Do you fancy the lifestyle of a dive instructor, but don’t want to teach ? Do you enjoy photography ? Or maybe you are already a Divemaster or Instructor and would like to try something different ? Then maybe the life of a photo pro on a dive boat could be for you…
When it comes to working in the dive industry, most people don’t look past the roles of being a Divemaster or an Instructor for an opening to the dive lifestyle. However, there are many other opportunities available, one of which is working as a photographer on the dive boats…
At Lanta Diver, we operate three dive boats – two larger boats and a speedboat for Hin Daeng/Hin Muang – and we have photographers on the larger boats to take photos of the guests enjoying their day snorkelling or diving with the Lanta marine life.
The photographers’ days begin by getting to the boat in the morning, and starting to prepare their equipment for the day – both their dive equipment, and their camera kit. Once the divers are settled on the boat, and have finished their breakfasts, the photographers will usually have a walk around the boat and introduce themselves to the divers/snorkelers, and let them know what their role is on the boat, and gauge their interest in purchasing photos at the end of the day. The next step is to chat with the Divemasters and Instructors about their plans for their groups – routes on the dive sites, and when would be a good time to take some photos of their group. After this, the photographers can start to plan their dives to maximise their chances of getting photographs of all the interested divers and snorkelers, and maybe also take a few photos of the groups setting up their equipment.
In between dives, the photographers will start editing their photos a little, and then chat with the dive staff again about their plans for the second dive, trying to make sure they have all the groups covered over the two or three dives that day. Once the day’s diving/snorkelling is finished, it’s time for a little more editing, and arranging the processed photos, with a few photos of the marine life encountered during the day, to start showing the groups. Once ready to show their day’s work, they will politely ask the groups if they would like to view the slideshow of the photos, and inform them of the prices and how they will get the photos to them.
The Lanta Diver photographers are very experienced in their field, and love their work. They are also happy to share their secrets with you, and have designed a special course for anyone interested in working as a photo pro on dive boats – including classroom, pool, and boat sessions. It is preferred that you are already a dive pro before taking this course, but not compulsory, but you must be an experienced and competent diver with excellent buoyancy skills – the Self-Reliant Diver certification is also recommended. You can also add this course onto your PADI Divemaster course at Lanta Diver, if you are interested..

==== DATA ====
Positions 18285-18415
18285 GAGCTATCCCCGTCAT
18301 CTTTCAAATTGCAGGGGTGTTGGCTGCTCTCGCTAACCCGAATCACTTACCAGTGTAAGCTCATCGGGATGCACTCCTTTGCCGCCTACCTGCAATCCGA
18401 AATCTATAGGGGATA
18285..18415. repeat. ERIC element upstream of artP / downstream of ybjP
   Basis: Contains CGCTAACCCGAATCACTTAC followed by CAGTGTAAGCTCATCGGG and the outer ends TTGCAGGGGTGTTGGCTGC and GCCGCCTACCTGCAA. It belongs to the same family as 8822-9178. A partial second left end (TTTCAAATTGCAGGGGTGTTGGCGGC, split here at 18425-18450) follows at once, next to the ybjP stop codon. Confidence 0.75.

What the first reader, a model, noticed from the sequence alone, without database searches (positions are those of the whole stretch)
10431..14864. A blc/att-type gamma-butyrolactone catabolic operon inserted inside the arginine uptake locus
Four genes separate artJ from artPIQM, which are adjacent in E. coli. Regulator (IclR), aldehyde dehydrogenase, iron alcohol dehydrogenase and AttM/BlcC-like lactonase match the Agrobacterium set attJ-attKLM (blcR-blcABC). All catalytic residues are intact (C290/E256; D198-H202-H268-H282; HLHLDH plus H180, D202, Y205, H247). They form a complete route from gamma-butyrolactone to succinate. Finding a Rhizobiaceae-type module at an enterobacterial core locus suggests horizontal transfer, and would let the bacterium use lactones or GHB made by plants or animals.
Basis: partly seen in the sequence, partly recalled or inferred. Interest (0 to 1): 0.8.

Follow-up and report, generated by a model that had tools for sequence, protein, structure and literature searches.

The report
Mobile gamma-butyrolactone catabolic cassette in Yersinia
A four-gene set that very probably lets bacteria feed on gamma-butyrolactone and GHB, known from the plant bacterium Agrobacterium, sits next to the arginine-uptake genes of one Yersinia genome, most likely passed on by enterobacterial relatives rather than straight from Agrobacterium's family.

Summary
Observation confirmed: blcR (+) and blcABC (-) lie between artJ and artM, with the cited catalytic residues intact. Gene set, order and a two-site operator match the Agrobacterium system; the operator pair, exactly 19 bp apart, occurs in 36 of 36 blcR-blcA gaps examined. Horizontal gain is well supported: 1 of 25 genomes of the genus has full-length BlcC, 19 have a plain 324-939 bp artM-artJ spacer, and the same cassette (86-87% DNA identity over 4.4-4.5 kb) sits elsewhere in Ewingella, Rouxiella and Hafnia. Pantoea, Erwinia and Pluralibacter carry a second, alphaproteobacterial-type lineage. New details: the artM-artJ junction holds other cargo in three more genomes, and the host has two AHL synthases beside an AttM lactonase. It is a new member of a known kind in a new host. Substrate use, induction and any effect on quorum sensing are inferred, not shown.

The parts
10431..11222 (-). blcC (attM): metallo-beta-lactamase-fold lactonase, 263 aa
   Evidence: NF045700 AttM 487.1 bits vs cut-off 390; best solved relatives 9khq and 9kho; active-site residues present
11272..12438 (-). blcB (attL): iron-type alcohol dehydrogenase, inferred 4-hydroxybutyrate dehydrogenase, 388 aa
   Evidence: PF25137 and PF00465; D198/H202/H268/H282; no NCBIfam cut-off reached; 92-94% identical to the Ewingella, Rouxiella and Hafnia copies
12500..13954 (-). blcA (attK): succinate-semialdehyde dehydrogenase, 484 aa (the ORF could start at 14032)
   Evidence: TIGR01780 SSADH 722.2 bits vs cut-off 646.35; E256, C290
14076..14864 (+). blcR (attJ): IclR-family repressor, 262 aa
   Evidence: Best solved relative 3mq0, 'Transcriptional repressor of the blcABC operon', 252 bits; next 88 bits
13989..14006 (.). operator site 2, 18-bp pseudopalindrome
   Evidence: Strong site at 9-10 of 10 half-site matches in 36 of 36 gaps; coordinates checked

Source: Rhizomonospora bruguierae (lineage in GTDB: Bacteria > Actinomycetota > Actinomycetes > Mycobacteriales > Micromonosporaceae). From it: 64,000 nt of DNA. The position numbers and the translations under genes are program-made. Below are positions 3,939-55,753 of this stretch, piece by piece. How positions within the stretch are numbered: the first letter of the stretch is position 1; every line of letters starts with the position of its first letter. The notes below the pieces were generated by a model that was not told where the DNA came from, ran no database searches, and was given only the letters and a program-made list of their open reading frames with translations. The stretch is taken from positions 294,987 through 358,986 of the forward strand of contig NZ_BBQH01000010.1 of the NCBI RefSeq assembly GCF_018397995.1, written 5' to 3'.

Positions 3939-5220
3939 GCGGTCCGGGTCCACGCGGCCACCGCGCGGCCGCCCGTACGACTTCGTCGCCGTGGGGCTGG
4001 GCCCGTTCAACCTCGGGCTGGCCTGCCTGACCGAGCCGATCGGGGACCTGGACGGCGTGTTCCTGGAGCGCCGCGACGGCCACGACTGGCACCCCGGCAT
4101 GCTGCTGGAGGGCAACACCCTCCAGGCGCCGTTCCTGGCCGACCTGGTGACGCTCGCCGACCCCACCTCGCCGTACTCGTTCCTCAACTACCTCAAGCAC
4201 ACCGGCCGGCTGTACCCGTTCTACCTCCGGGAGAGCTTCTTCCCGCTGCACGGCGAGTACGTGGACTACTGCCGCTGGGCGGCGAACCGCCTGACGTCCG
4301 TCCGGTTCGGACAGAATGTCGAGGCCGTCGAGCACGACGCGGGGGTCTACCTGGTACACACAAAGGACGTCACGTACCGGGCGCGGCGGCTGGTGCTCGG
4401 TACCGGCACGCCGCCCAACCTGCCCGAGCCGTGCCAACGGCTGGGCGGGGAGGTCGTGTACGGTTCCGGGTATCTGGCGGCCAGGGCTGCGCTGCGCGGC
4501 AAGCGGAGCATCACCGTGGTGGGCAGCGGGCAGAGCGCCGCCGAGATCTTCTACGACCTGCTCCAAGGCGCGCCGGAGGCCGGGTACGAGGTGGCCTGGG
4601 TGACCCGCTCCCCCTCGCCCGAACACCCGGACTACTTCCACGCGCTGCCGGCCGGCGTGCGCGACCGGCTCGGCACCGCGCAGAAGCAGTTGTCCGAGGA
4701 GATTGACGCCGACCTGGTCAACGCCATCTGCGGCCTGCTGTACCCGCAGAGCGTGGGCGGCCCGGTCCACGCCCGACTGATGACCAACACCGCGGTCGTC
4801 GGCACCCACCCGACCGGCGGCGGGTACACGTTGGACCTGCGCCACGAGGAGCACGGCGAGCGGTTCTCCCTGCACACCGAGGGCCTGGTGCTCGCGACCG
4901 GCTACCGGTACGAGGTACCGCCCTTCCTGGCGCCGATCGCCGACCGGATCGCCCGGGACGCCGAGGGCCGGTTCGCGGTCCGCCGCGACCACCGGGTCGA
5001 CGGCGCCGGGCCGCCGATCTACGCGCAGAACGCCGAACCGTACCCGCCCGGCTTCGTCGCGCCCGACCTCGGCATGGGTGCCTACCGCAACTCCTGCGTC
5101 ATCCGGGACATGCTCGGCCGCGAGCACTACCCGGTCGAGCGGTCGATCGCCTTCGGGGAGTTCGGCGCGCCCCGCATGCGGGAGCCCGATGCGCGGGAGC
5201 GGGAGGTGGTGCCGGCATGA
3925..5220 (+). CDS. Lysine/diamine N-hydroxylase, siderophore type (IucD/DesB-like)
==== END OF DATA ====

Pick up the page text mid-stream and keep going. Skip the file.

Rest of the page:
If you would like to know more about the training, send Nick a quick email, and he will be happy to answer your questions…
Also have a look at Nick’s website to see some of his stunning images !
The no-mask swim skill from Confined Water Dive #4 of the PADI Open Water Course is a skill that often appears during the PADI IDC and the Instructor Exams (IE). There are a few different ways to teach this skill, and the main differences are regarding the organisation of the skill – how to set it up and conduct it underwater. The mechanics of the skill are relatively simple, yet students may be a little anxious before attempting this skill for the first time.
The performance requirements for this skill state a certain distance must be covered during the swim to successfully complete the skill. The first thing to think about when organising this skill then, is to ensure the full 15 metres will be covered. If you are teaching in a pool, then this is very easy to do once you know the dimensions of the pool. However, if you are teaching in confined open water, from a beach, then you may need to measure the distance using a reel or tape measure. A tape measure is obviously already marked out with the distances, but if you are using a reel, you may need to add some distance markers yourself.
I prefer to use a reel, as it is more convenient because it is already a part of my dive equipment, and is easier to stow when not in use. Along the length of my 40m line, I have used a permanent marker to add a mark every 5 metres – as below:
These markings are not just useful for the no-mask swim skill, but for many other skills and dives within the PADI system (e.g. Navigation Adventure Dive, wreck penetration).